First preached as a sermon at St Michael & All Angels, Croydon, with members of the Cells of the Society of Our Lady of Walsingham in Croydon (St Alban’s, South Norwood, St Michael’s, Croydon & Croydon Minster). Readings: Genesis 3.9-15,20; Ephesians 1.3-6,11-12; Luke 1.26-38.
The Immaculate Conception of Mary is a great gift to the Church and, indeed, to all humanity. It is the most optimistic of dogmas, because it says that by God’s grace human beings can be freed from the grip of sin, through our sharing in the life of the Word Made Flesh: Jesus Christ - Son of God, Son of Mary - the incarnate, crucified, risen and ascended Lord. This possibility of God’s grace first moved as Mary was conceived and knit together in the womb of her mother St Anne.
Our gospel reading today is St Luke’s account of the Annunciation, which is not to be confused with the Immaculate Conception of Mary, although it often is: the Annunciation is about Christ being incarnate within the womb of Mary, the unborn Saviour, the Word Made Flesh, resting in the immaculate shrine that is Mary’s body. And you will recall that when the pregnant Mary visited her cousin Elizabeth, the child in Elizabeth’s womb leapt for joy as the Mother of the Lord entered into her presence (Luke 1.39-45). That dance of the unborn John the Baptist echoes the unrestrained dance of David before the Ark of the Covenant in the Second Book of Samuel (2 Samuel 6, esp 6.14). David danced before the presence of God in the Ark of the Covenant; John dances before the presence of God, in Christ, in the shrine of Mary’s body.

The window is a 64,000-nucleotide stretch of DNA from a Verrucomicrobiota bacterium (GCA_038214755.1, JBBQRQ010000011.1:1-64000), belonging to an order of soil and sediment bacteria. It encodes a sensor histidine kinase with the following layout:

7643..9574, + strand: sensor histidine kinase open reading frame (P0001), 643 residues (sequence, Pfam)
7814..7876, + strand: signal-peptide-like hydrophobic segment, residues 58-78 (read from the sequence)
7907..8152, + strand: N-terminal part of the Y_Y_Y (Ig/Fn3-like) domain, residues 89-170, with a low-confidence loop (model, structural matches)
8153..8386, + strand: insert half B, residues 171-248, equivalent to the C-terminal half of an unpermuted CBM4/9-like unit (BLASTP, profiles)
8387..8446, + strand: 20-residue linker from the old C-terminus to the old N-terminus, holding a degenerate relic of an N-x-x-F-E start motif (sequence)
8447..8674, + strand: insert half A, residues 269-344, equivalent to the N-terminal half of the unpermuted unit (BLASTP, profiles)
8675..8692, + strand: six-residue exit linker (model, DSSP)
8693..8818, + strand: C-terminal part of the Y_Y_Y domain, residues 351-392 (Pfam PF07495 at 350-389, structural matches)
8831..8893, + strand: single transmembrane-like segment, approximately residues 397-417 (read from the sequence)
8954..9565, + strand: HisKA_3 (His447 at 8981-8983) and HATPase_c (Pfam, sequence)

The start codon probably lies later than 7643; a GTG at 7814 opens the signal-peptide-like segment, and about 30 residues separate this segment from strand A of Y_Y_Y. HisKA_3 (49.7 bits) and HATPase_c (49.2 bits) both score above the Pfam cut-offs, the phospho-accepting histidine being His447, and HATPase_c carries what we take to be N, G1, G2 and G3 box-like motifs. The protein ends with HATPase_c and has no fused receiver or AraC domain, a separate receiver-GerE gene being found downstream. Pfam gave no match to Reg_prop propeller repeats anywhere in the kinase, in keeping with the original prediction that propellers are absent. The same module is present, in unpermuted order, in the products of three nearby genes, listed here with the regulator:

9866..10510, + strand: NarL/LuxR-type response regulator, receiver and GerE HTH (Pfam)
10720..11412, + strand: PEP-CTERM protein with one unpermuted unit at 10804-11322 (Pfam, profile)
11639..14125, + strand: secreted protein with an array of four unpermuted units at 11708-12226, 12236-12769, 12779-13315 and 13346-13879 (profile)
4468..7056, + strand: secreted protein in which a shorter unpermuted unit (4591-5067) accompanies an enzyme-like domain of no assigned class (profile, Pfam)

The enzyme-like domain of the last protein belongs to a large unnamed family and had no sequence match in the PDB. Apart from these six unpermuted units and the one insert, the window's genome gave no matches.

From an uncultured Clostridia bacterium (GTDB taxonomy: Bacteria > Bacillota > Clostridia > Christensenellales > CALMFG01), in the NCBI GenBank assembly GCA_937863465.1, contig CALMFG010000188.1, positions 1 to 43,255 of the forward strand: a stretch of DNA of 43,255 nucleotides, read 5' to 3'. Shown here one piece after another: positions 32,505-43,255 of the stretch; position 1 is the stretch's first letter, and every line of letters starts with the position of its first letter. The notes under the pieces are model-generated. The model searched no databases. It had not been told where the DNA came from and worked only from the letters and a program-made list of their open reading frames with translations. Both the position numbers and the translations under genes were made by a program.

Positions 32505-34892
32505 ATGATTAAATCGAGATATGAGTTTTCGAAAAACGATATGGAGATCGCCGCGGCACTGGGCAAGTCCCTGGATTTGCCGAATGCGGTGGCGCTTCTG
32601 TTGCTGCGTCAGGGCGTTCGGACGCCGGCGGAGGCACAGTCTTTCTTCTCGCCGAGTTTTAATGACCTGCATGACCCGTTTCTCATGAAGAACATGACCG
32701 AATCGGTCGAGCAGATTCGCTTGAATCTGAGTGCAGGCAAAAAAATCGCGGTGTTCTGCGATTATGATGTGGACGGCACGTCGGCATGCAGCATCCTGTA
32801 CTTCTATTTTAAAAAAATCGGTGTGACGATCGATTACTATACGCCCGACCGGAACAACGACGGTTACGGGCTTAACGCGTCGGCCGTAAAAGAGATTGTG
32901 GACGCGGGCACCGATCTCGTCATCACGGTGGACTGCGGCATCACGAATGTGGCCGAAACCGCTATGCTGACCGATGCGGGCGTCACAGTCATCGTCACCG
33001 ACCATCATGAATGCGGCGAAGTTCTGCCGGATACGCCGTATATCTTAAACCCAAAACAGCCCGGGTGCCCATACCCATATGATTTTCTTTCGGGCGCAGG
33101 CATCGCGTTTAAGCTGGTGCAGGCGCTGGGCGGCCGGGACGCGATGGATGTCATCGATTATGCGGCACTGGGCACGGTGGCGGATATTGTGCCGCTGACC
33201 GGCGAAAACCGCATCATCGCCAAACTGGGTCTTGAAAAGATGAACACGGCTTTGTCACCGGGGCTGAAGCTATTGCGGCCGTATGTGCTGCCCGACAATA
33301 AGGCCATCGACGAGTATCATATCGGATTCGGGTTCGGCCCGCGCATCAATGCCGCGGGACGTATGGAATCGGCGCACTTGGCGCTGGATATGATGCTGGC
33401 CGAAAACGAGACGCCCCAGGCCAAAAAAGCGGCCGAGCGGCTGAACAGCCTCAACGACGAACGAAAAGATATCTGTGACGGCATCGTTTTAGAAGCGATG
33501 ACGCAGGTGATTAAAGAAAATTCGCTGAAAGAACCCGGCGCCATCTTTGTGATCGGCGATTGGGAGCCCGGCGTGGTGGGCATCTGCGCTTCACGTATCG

The Immaculate Conception of Mary is about preparing the shrine in which the Christ will gestate and from which he will be born; for which all generations will call her blessed (Luke 1.48)
For some the Immaculate Conception makes them queasy. Isn’t it too much about Mary? Doesn’t it make out that somehow she’s not quite human, just a bit too perfect? Isn’t all a bit Roman Catholic?
Too much about Mary? On one level it’s nothing to do with Mary! It’s about God’s grace, of which she is described as being full of: ‘Hail Mary, full of grace’, the archangel’s greeting. On another level it is everything to do with Mary; she is the person, the woman, chosen to be the mother of the Saviour.